How is the NFL going to react when Mike and Maurkice Pounce-a-mania runs wild—along with the Steelers’ backfield—on them? Time will tell.
Stay tuned to this channel, and I’ll let you all know down the line. As for now, there is an NFL draft to discuss and a big audience to entertain.
What could drafting the entertaining 6’5,” 305-pound rookie Mike Pouncey do for an NFL team? Right away, he could improve their organization—on and off the field.
I don’t mean just a small improvement. By pancaking people, he could drive-block an organization to the Super Bowl.
One of the reasons the versatile lineman is called Pouncey is because he pounces on opponents. Mike Pouncey from the University of Florida has worked his way into being one of the top offensive line prospects in the draft.
Arguably this year’s top interior offensive line prospect, Mike is Maurkice’s twin brother. The latter starred for Pittsburgh as a rookie in the 2010-11 season.
I don’t know if the Pounceys have ever tried to pull the old switcheroo like the Cansecos unsuccessfully tried in a martial arts match last month, but they probably could.
Mike and Maurkice share similar talent and can be difficult to tell apart. One is listed as an inch taller than the other one—Mike being the taller of the two—but if their tattoos are covered, then your guess is as good as mine.
Like Maurkice was last year, Mike is projected as a first-round draft pick this year. It’s being rumored locally in Dallas that the Cowboys are itching to draft Mike with the ninth overall pick.
If the Steelers truly believe Dallas will take him, then Pittsburgh could offer to trade with the Cowboys. Pittsburgh has the 31st overall pick—next to last in the opening round. The Steelers could try brokering a deal to move up in order to get Mike.
Say, for instance, the Steelers draft the next best available offensive lineman and offer the Cowboys an extra cash incentive to make the deal? If you’re Dallas, do you do it? I would.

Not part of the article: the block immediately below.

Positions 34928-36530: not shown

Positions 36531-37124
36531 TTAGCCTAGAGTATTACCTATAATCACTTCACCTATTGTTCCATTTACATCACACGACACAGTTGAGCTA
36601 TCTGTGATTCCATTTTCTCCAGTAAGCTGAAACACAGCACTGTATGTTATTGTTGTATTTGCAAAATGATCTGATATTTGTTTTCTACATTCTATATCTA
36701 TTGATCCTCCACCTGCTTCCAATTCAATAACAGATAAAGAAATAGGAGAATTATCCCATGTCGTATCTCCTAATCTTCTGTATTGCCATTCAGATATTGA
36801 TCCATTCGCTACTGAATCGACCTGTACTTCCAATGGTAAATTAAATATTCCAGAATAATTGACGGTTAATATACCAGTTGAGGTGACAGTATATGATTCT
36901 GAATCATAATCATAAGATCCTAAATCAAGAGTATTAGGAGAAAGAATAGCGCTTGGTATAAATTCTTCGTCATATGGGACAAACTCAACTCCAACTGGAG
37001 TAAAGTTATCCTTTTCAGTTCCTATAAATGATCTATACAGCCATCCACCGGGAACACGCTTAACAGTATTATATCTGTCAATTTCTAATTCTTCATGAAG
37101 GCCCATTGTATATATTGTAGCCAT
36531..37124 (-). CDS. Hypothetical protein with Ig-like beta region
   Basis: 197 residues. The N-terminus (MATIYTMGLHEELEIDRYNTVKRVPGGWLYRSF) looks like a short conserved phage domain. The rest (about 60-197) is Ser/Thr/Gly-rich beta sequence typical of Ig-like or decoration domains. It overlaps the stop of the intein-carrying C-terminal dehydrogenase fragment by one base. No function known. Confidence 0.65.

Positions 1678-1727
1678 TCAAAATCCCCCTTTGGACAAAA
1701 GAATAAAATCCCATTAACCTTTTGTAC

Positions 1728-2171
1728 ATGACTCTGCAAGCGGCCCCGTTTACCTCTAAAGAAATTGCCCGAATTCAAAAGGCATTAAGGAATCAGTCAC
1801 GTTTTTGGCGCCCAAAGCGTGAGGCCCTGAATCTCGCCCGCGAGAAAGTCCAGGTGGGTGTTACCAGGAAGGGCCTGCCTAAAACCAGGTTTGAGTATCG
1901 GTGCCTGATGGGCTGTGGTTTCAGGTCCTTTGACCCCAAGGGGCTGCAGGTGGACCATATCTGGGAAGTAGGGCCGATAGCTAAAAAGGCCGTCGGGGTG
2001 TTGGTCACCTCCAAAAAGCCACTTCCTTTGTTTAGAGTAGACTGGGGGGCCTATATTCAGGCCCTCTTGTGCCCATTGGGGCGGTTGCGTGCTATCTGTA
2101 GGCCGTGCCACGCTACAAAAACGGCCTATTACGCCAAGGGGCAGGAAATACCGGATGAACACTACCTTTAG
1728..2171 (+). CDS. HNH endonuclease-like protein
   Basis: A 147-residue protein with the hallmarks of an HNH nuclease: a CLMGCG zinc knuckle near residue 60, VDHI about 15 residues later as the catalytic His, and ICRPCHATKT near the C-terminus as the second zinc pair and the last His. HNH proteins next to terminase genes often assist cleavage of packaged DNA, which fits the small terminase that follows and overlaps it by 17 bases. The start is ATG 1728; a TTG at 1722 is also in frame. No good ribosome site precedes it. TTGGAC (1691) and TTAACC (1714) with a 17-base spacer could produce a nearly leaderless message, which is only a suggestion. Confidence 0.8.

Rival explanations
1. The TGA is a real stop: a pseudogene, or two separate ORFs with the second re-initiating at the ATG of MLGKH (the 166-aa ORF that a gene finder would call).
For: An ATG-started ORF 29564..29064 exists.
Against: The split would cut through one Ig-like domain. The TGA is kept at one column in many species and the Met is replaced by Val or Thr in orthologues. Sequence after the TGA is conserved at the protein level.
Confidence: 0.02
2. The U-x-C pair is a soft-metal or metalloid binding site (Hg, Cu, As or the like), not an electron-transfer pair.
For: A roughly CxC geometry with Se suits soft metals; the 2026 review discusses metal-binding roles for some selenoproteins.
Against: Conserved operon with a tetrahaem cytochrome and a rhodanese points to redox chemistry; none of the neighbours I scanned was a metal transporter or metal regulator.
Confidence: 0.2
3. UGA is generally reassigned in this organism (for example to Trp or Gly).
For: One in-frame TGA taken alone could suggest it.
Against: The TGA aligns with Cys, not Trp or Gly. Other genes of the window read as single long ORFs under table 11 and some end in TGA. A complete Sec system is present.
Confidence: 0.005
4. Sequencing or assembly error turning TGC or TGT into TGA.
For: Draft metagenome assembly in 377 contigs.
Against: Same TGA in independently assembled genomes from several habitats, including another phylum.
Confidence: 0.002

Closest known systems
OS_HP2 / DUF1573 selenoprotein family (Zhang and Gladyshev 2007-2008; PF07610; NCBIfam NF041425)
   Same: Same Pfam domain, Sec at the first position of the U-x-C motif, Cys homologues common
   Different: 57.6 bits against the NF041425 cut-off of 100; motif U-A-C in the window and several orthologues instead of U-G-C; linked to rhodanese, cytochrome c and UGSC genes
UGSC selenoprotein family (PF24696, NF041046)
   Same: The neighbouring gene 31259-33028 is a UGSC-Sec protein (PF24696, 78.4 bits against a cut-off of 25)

The Cowboys are in shambles on the offensive line but rarely draft offensive linemen so early. In fact, only three offensive linemen in the franchise’s history were selected in the first round.
Mike made his rounds and visited several NFL teams, and he could end up in Pittsburgh with his brother. If this does indeed go down, then it’d be a hard-hitting case of the double whammy.
Defensive players would be getting whammed from both Pounceys. Talk about keeping your head on a swivel. A talented player, an offensive lineman, who could help the stadium’s head count—Mike is licking his chops to join the Steelers.
Not that head coach Mike Tomlin and the Rooney family are suffering from empty seats in the stadium. It’s just a case of the more fans in the stadium the merrier. Standing room only isn’t such a bad thing—especially in Pittsburgh.
The financial boon for the Rooneys comes in the mass appeal the Pounceys would have playing for the beloved Steelers. The Pouncey brothers could be marketed as the “Twin Towers” of the Steel City.
It would be the greatest marketing campaign in Pittsburgh since Jerome “The Bus” Bettis. The possibilities for promotions are virtually endless. The sky is also the limit on the gridiron.